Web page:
What advice would you give to anyone starting their studies?
Definitely be as sure as you can be that this is the career you want to pursue-get as much experience working in libraries as possible before starting the course. Talk to people who have done the course that you are considering, find out how it was for them and whether they would recommend it. There seems to be quite a lot of variation in the material covered by the different universities-find out everything you can about the course before you enroll, speak to the staff and students, make sure it covers the topics that are important to you for your future career and the things that you are interested in and care about. The MA is a huge investment in terms of time, energy and money, and I honestly don’t think I would be able to manage it if I didn’t feel a tingle of excitement when I look at the content of each module (sad I know!). Get to know other library students, either in person or online, especially if you’re on a distance course-it’s good to have that support network and have people to rant to when things get tough.
What skills do you think are most important for today’s information and library professionals?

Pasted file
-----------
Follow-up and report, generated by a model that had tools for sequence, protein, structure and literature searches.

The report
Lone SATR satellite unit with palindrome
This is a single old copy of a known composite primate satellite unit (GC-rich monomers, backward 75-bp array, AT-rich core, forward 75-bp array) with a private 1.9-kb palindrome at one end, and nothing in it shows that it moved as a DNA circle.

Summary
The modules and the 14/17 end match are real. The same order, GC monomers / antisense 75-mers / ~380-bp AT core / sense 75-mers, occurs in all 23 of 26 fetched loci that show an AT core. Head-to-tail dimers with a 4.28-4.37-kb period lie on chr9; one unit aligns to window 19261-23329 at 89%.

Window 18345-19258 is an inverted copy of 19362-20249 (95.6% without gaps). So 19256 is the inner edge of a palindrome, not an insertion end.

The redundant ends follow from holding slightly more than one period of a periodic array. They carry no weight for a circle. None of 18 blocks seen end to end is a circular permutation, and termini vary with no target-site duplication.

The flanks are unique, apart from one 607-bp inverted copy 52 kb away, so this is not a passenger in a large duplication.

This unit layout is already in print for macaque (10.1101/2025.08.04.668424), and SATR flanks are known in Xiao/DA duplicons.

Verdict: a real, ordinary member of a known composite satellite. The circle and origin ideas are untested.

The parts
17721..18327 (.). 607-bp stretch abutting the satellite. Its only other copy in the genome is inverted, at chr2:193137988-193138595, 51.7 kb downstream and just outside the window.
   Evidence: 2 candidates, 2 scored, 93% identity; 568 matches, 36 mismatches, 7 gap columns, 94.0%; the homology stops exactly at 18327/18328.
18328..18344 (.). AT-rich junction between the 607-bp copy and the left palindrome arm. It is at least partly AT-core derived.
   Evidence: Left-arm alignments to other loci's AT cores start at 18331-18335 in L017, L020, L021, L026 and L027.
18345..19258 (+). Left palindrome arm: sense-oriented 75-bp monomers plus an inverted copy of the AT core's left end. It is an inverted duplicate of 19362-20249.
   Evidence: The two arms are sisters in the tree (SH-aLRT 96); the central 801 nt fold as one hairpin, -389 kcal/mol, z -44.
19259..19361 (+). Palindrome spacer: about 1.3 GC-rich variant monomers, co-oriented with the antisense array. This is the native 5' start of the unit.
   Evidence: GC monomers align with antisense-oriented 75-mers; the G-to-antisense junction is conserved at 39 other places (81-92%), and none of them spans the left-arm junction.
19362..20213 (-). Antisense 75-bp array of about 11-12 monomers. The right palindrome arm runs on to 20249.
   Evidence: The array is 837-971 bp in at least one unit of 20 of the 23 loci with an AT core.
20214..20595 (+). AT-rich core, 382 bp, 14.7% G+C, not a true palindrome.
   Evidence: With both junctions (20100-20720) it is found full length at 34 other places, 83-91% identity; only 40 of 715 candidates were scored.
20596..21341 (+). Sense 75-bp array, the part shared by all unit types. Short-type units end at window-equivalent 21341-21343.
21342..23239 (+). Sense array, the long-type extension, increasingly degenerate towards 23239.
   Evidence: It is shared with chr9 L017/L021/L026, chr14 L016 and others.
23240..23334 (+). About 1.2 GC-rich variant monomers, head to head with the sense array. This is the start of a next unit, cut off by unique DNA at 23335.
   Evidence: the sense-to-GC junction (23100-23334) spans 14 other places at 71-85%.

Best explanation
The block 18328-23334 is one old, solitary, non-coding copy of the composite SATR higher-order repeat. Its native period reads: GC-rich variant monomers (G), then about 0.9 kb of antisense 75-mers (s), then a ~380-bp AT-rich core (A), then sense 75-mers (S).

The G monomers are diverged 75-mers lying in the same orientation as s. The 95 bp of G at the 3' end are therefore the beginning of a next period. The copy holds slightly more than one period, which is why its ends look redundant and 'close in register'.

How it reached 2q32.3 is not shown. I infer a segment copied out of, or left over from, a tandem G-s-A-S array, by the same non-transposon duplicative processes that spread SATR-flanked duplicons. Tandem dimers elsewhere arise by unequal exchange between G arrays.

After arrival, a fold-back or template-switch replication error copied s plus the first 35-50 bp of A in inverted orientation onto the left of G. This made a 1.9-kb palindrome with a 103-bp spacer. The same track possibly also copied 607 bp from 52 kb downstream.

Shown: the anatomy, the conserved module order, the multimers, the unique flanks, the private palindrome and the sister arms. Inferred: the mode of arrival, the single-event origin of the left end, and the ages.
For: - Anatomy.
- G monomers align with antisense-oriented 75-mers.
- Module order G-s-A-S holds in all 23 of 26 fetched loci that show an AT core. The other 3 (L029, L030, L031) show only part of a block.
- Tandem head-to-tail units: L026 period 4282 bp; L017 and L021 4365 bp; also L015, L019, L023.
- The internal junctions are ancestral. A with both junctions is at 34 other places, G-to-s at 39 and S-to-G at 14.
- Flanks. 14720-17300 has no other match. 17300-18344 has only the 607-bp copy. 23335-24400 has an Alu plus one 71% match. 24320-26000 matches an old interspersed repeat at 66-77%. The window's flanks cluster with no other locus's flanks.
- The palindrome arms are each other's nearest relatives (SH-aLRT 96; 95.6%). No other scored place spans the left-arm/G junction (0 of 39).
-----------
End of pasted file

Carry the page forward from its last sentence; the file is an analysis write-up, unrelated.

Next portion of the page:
In terms of specific skills, I think a lot very much depends on the sector you want to pursue. I find it really interesting how wide a range of roles can be covered by the job title ‘librarian’-from the emphasis on community engagement in public libraries, to the technicalities of research support roles in the academic sector. Digital skills, or at least a willingness to learn and try new things, are obviously going to be important throughout. People skills and communication, whether it’s dealing with ‘the community’ in all its many and varied forms, supporting students, or engaging with researchers, are vital. Personally, I also think that belief in and commitment to the ethics and values that underpin librarianship are very important. The profession is facing a lot of challenges across all sectors, and there will obviously be a huge amount of changes throughout our working lives. A clear sense of purpose, and understanding of what library and information professionals can contribute to society as a whole, seems like an important foundation for getting through all that the next decades may throw at us!